Volume 19, Number 6—June 2013
Treatment of Tularemia in Pregnant Woman, France
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|EID||Dentan C, Pavese P, Pelloux I, Boisset S, Brion J, Stahl J, et al. Treatment of Tularemia in Pregnant Woman, France. Emerg Infect Dis. 2013;19(6):996-998. https://dx.doi.org/10.3201/eid1906.130138|
|AMA||Dentan C, Pavese P, Pelloux I, et al. Treatment of Tularemia in Pregnant Woman, France. Emerging Infectious Diseases. 2013;19(6):996-998. doi:10.3201/eid1906.130138.|
|APA||Dentan, C., Pavese, P., Pelloux, I., Boisset, S., Brion, J., Stahl, J....Maurin, M. (2013). Treatment of Tularemia in Pregnant Woman, France. Emerging Infectious Diseases, 19(6), 996-998. https://dx.doi.org/10.3201/eid1906.130138.|
A pregnant woman who had oropharyngeal tularemia underwent treatment with azithromycin and lymph node resection and recovered without obstetrical complication or infection in the child. Azithromycin represents a first-line treatment option for tularemia during pregnancy in regions where the infecting strains of Francisella tularensis have no natural resistance to macrolides.
Tularemia is a bacterial zoonotic disease caused by a gram-negative coccobacillus, Francisella tularensis; the most virulent subspecies, tularensis (type A), is found in North America, but subspecies holarctica (type B) occurs throughout the Northern Hemisphere (1–4). In France, human cases are most often sporadic and occur predominantly in the eastern, southeastern, and western parts of the country (1).
F. tularensis has several animal reservoirs, including rodents and lagomorphs (hares and rabbits). Domestic animals may be infected with F. tularensis through contact with the wildlife fauna and, occasionally, transmit the disease to humans. Human contamination occurs following direct contact with infected animals, through contaminated environments or arthropod bites (2).We describe the diagnosis and treatment of tularemia in a pregnant woman in France.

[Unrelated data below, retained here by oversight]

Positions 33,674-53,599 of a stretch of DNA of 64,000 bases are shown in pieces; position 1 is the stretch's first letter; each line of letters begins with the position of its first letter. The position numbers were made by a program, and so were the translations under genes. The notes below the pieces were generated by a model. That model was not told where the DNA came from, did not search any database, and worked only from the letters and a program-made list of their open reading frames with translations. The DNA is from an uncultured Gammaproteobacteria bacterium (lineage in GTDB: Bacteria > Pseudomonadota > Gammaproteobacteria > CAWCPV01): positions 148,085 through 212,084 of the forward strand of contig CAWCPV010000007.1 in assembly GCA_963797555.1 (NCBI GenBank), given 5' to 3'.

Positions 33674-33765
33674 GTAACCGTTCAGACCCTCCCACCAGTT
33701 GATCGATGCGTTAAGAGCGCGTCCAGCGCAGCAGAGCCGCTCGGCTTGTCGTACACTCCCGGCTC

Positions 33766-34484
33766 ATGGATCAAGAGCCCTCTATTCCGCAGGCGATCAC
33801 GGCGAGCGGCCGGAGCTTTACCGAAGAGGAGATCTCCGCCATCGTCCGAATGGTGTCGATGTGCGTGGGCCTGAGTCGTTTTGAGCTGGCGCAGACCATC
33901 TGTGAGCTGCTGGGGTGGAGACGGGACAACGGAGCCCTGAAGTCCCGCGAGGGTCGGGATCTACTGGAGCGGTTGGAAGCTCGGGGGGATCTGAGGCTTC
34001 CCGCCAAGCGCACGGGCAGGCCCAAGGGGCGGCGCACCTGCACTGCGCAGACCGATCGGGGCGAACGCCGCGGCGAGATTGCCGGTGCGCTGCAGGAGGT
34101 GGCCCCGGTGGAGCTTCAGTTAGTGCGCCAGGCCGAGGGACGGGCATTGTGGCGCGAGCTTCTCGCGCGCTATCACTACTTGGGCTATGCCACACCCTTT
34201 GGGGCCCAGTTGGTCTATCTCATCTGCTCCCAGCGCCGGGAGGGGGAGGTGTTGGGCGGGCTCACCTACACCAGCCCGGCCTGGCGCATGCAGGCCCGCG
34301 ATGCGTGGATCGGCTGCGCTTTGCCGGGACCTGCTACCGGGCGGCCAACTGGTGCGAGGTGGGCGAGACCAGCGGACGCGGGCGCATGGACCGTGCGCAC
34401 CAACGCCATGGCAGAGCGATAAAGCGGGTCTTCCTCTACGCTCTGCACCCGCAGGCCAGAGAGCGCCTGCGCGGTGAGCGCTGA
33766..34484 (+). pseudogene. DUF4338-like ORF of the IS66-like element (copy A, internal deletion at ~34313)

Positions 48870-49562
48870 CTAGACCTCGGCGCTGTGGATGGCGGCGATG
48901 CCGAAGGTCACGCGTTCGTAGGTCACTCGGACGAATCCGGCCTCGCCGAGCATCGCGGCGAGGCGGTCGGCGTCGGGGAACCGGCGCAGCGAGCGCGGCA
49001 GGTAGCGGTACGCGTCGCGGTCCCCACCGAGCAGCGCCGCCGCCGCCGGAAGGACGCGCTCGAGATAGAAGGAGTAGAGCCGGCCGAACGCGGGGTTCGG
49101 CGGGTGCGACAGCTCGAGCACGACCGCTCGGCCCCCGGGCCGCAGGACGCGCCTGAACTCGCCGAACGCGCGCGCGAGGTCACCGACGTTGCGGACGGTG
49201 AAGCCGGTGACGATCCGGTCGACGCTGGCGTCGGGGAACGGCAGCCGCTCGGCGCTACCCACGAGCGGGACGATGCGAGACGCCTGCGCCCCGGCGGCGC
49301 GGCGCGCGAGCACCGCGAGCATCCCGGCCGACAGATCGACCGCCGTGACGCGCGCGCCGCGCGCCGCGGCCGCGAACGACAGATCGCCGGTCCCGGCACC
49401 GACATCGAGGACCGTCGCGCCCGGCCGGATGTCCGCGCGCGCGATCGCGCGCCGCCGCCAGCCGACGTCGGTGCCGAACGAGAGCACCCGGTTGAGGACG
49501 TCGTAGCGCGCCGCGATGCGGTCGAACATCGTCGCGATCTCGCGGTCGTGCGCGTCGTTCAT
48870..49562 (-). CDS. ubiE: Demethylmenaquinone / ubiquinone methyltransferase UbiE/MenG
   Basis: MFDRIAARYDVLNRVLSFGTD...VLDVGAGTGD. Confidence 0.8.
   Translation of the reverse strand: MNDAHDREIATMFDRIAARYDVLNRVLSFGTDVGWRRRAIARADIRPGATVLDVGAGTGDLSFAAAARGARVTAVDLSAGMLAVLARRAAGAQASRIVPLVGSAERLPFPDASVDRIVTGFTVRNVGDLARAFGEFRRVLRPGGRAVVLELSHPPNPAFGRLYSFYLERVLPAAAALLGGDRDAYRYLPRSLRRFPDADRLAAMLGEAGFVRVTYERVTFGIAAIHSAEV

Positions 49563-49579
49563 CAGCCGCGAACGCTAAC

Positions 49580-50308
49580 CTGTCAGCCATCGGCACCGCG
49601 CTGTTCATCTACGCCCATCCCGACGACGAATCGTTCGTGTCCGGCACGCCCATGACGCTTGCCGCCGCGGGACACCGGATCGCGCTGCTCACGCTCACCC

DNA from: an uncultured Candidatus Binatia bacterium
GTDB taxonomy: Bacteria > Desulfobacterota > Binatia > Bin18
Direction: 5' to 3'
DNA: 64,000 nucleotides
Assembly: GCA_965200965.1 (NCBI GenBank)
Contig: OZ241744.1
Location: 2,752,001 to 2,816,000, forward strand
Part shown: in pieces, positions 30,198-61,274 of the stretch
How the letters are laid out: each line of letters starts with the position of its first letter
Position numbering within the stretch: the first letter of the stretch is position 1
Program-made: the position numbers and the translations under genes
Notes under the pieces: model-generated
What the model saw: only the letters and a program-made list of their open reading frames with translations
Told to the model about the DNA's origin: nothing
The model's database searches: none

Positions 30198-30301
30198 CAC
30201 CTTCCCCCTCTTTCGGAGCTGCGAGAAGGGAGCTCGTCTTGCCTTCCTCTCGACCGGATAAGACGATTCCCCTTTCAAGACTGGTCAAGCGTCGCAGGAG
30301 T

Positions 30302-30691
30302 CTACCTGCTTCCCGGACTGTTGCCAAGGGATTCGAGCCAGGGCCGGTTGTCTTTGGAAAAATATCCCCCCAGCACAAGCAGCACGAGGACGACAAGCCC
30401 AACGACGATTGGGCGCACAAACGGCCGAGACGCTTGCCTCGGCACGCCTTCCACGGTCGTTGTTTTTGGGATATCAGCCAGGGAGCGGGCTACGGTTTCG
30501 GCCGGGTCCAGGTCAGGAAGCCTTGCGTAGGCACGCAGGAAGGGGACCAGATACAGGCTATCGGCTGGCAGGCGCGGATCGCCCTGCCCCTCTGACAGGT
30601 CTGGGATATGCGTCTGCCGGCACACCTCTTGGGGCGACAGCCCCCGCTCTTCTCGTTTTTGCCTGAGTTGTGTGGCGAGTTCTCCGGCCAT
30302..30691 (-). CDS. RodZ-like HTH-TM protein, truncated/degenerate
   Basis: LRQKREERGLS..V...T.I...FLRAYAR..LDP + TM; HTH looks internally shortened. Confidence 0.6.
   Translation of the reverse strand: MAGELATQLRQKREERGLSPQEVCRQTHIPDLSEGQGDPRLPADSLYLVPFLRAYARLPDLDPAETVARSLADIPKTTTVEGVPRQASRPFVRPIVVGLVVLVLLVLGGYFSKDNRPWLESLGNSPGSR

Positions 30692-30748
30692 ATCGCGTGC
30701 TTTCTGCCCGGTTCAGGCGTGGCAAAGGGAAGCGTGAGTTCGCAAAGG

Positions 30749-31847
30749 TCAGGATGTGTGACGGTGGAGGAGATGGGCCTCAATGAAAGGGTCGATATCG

In late February 2006, a 27-year-old pregnant woman, at 6 weeks’ gestation, was referred to Grenoble University Hospital, Grenoble, France, for investigation of persistent left cervical lymphadenopathy with fever. She had no history of severe infection or underlying illness. The patient lived in a farm in the French Alps. The lymphadenopathy occurred 3 weeks earlier, along with a sore throat, and persisted despite 10 days’ treatment with amoxicillin (3 g daily).
At admission, the patient was febrile (38°C) and had a tender, swollen, submaxillary cervical lymph node on the left side. Examination of the oral cavity showed no abnormalities. Magnetic resonance imaging of the left cervical region showed a large mass extending from the parotid region to the submandibular region, with hypo- and hypersignals in T1- and T2-weighted imaging, respectively.
Lymph node tissue was obtained by needle aspiration, and examination revealed nonspecific lesions of lymphadenitis. Laboratory test results showed moderate inflammatory syndrome (C-reactive protein 67 mg/L). Serologic results were negative for HIV, hepatitis B and C viruses, rubella virus, Treponema pallidum (syphilis), Coxiella burnetii (Q fever), and Borrelia, Bartonella, Brucella, and Legionella spp. and showed only residual IgG-type antibodies against cytomegalovirus, Epstein-Barr virus, herpes simplex virus, parvovirus, Mycoplasma pneumoniae, and Chlamydophila pneumoniae.